, who opened Emmerson’s Hotel! After Emmerson’s death, it was reopened as Hotel Des Indes, before it became Raffles Boarding School.

But it was the Armenian touch
When Tigran Sarkies was managing Raffles Hotel, the establishment quickly acquired a reputation for dining innovations, with grand balls and banquets. By the 1910s, the brothers were at the height of their success and included modern systems such as elevators and tennis lawns to their hotels. During the Great Depression, the Sarkies brothers accumulated the biggest bankruptcy in Singapore, amounting to $3.5 million.
from the Sarkies brothers, especially Tigran Sarkies, which transformed the old Beach House into a first-class establishment. Under their charge, new wings were added on both sides of the building, with the Billiard Room and Palm Court Wing built. They are the pride of the Armenian community in Singapore
The Armenians were a small group of migrants who first arrived in Singapore in 1819. Although they never numbered more than 100, their contributions were far-reaching. By the turn of the century, the Sarkies brothers had become well known as successful hoteliers in Singapore and the region. Other famous Armenian traders include Aristarkies Sarkies and Mackertich Moses. Singapore’s national flower, Vanda Miss Joaquim, is named after another Armenian, Agnes Joaquim.
!

Alsagoff’s Straits Produce

Syed Mohamed bin Ahmed Alsagoff
Syed Mohamed bin Ahmed Alsagoff

A Wealthy Arab Merchant

He was a popular and influential merchant and steamship owner.

Explore

A Wealthy Arab Merchant

Alsagoff and Co. exports Straits produce
Coffee, cotton, cinnamon, cloves and indigo, were planted on a more cautious experimental scale. However, by the 1860s the experiments had ended in failure due to estate deficiencies, plant diseases, pests, and the absence of seasonal change.
such as rubber, sago, coconuts, coffee, cocoa, and pineapples to Arabia and Europe.

I’ve also diversified my investments by buying up land in Singapore. As of today, my properties include 400 hectares of plantation land in Geylang Serai, many houses around…
Leopold Chasseriau
Leopold Chasseriau

A French Plantation Owner

His 1,200-hectare tapioca plantation in Bukit Timah was Singapore’s largest. It rapidly became a model for the southern Malay Peninsula, which included three processing factories with steam-powered machinery.

A French Plantation Owner
Circa 1900
Yes, your acquisition of land in Singapore will prove a worthwhile investment. The plantation land in Geylang Serai has already been put to good use, and we are having a bumper crop of coffee, pepper, tapioca and sugar cane now!

Syed Mohamed bin Ahmed Alsagoff's Death

Syed Omar Alsagoff
Syed Omar Alsagoff

Co-founder of Alsagoff and Co.

Syed Omar established Alsagoff and Co. with his uncle, Nong Chik, representing the company in Arabia, Egypt and Turkey, returning to Singapore to run the company upon his uncle’s death.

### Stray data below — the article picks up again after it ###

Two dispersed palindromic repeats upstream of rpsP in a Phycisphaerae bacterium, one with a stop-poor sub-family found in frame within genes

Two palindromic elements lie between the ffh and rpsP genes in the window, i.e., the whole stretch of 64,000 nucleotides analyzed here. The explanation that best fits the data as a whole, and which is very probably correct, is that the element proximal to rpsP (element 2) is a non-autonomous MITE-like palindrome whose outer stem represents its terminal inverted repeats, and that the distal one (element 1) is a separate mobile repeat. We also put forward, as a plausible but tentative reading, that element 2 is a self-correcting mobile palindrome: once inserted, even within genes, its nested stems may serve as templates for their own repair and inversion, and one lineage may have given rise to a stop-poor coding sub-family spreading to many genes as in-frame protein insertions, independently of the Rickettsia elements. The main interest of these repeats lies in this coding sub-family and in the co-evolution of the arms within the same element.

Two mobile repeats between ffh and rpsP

Co-founder of Alsagoff and Co.

Syed Mohamed bin Ahmed Alsagoff, grandson of Syed Abdul Rahman Alsagoff, has died
The funeral was attended by almost the entire Muslim community of Singapore. A large crowd came to pay their respects at Bukit Tungal, Thomson Road, where Syed Mohamed Alsagoff’s body was lying. The cortege wound its way to the deceased’s mosque in Java Road, Kampong Glam. A deep grave had been dug in the marble-floored annexe, and the remains of the late Syed Mohamed bin Ahmed Alsagoff were laid to rest beside those of his parents. As a mark of respect, all the public offices in Johor were closed and the flags at Raffles Hotel were flown at half-mast.
, leaving behind his family and a legacy certain to be remembered for generations to come. He is buried at the Alsagoff Family Burial Ground at Java Road Mosque in Singapore.
Principal of Alsagoff Arab School
Circa 1906
Syed Mohamed Alsagoff has made many munificent and lasting benefactions to Singapore. He founded and endowed the S.M.A. (Syed Mohamed bin Ahmed) Alsagoff Wakaf
A Wakaf means to protect a thing, to prevent it from becoming the property of a third person. This usually refers to the endowment of property and funds. There are three categories in Singapore: public Wakaf for charity, private Wakaf that endows funds to family and others, or a mix of the two. In Singapore, Hadhrami families, like the Alsagoffs, had very extensive Wakaf. For instance, much of the real estate in today’s central business district were once owned by Hadhrami families.
Funds and the Muslimin Trust Fund Association
The investments of the S.M.A. Alsagoff Wakaf Funds went towards the Muslimin Trust Funds Association, which allowed it to invest the surplus monies in the purchase of 99 brick shop houses in the best part of the city. The fund also went towards the maintenance of the Alsagoff Arab School and the ceremonies linked to the mosque of his grandmother, Hajjah Fatimah, at Java Road in Kampong Glam, Singapore.
. He was also the benefactor of the Alsagoff Arab School, the Alsagoff Outdoor Dispensary, and the Muslim Boys Orphanage. He will be remembered by the Arab and Muslim community for his grace and generosity in giving back to the community.